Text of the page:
IP: There's no question that the Philippines has the resource base that might have hosted a lot more development over the last five or six years. Given the resource endowment and a quite skilled labor force, you would have expected the Philippines to have participated more in the resource boom.
It's really starting to come to the fore now, though, because mining companies have to go where the deposits are. I think activity will increase in the Philippines as some of the global majors get involved there. Xstrata Plc (XTA:LSE) has a controlling stake in the Tampakan project. In March, Gold Fields Ltd. (GFI:NYSE) from South Africa exercised an option to take a 40% stake in Far Southeast in the Philippines, and soon afterward announced an option to acquire 100% of the Guinaoang deposit. There are some major nickel operations in the Philippines too.
TGR: In another fairly major acquisition, B2Gold Corp. (BTO:TSX; BGLPF:OTCQX) bought CGA Mining Ltd. (CGA:TSX; CGX:ASX), which has an asset in the Philippines, the Masbate gold project. So it looks as if quite a bit is bubbling in the Philippines.
IP: And the government has done a lot of work in clarifying the legal issues surrounding ownership rights. Once miners are comfortable with that, you're on the road to more significant development. The smaller companies usually start moving in first because they're a bit more nimble. Then the midtiers and the seniors follow. Once the whole spectrum is involved, you really start to see quite significant development.
TGR: Do you have any suggestions for our readers on the investment environment going forward?
IP: We certainly sit in the camp that believes the commodity boom is not over in the sense that volume growth will continue. Still, we've probably seen the best of most metal prices already and each of the metals will react differently over the next few years. For example, in iron ore, we expect the seaborne-trade market to be in oversupply probably in two or three years' time. Copper, in contrast, could well have upside remaining because China's demand will grow. Even though its growth rate has declined, it's off that much larger base, so, volume growth for copper is still very much intact-and the same goes for seaborne-traded iron ore.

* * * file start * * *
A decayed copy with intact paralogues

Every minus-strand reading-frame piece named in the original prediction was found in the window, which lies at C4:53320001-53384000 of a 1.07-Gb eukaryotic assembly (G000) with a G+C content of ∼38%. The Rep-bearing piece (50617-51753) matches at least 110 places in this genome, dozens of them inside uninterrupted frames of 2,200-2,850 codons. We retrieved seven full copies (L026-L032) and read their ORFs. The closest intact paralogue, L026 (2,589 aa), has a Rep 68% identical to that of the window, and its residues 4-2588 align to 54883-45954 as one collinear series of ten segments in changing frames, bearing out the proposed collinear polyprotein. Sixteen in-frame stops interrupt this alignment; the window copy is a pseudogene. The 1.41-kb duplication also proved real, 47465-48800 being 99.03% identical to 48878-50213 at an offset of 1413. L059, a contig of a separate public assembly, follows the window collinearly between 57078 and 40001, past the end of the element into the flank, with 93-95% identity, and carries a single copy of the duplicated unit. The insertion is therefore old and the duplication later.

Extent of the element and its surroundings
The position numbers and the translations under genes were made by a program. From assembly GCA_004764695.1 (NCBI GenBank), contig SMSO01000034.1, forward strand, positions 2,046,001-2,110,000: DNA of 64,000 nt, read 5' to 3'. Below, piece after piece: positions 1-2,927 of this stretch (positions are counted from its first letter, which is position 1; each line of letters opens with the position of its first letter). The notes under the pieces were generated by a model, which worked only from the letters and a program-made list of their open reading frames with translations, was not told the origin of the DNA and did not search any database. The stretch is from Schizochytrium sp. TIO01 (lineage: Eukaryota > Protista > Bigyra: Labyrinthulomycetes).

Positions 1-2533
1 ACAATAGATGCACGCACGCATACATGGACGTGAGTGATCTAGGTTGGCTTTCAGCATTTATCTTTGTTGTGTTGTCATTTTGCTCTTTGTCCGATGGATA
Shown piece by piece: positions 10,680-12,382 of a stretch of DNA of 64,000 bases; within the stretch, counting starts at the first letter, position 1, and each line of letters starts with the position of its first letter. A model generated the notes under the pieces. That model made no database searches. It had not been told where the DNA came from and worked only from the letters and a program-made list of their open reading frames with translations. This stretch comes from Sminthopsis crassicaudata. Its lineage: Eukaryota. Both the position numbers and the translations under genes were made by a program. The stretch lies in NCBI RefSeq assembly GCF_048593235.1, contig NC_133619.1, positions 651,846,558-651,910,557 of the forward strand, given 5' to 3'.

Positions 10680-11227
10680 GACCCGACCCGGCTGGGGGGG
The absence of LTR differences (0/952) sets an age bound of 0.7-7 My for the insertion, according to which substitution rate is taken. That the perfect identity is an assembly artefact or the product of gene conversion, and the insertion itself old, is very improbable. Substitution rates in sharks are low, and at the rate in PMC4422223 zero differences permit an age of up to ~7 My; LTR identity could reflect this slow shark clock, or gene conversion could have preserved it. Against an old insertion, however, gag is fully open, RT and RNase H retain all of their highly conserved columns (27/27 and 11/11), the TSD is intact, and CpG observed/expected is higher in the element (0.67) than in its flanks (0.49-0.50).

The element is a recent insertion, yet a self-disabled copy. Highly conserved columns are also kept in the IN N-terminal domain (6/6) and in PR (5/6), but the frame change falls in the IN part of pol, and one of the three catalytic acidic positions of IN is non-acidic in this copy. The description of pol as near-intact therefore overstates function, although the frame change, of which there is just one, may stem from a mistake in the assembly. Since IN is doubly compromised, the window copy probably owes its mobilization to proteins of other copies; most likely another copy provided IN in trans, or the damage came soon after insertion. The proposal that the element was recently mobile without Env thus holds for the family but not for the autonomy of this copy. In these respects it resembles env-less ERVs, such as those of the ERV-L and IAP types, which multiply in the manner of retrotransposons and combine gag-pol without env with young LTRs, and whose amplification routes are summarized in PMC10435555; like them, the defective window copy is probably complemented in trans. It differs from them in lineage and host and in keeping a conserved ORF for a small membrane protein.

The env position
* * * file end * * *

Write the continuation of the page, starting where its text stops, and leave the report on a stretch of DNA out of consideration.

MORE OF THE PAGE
From an equity investor's perspective, with a few exceptions the easy part of earnings going up because prices were going up is pretty well behind us now. But we'll still see earnings growth driven by those companies that can grow volumes.
TGR: That suggests that investors have to be pickier.
IP: Absolutely. You have to be much more focused on, first, the commodity. Clearly, we think gold still has a very favorable outlook. Then you have to focus on the companies that can grow volumes without actually issuing fresh equity.
TGR: And volume growth without blowing out your per-ounce cost structure.
IP: Absolutely. But cynical clients would say, "Yes, everybody is talking the talk. We need to see them walk the walk now."
TGR: Well put, Ian. Thank you so much for your time and your thoughts.
Ian Preston is a resources analyst for Goldman Sachs' Global Investment Research in Australia and New Zealand. In 2000, he joined JBWere, a private wealth management firm that in 2003 partnered with the Goldman Sachs Group Inc., as a research analyst covering the gold sector. Mid-cap base metal companies came under his coverage umbrella later in 2000, and Preston assumed responsibility for emerging small- and mid-cap mining companies in 2004. He was named managing director in 2010.
Prior to 2000, Preston was a resource specialist, working on both buy and sell sides of the financial services industry in Johannesburg and Brisbane. Following graduate school, he spent four years analyzing and implementing new mining projects in diverse metals, and earlier in his career, he spent six years working for copper and gold mining companies in operational and management capacities.
Preston earned a degree in mining engineering from the University of the Witwatersrand in Johannesburg in 1974 and a Master of Business Administration from the University of Cape Town in 1980. He is a registered professional engineer in South Africa and an accredited member of the Securities and Derivatives Industry Association.
1) Sally Lowder of The Gold Report conducted this interview. She personally and/or her family own shares of the following companies mentioned in this interview: None.
2) The following companies mentioned in the interview are sponsors of The Gold Report: Goldcorp Inc. and B2Gold Corp. Streetwise Reports does not accept stock in exchange for services. Interviews are edited for clarity.
3) Ian Preston: I personally and/or my family own shares of the following companies mentioned in this interview: Newcrest Mining Ltd. I personally and/or my family am paid by the following companies mentioned in this interview: None. I was not paid by Streetwise Reports for participating in this interview.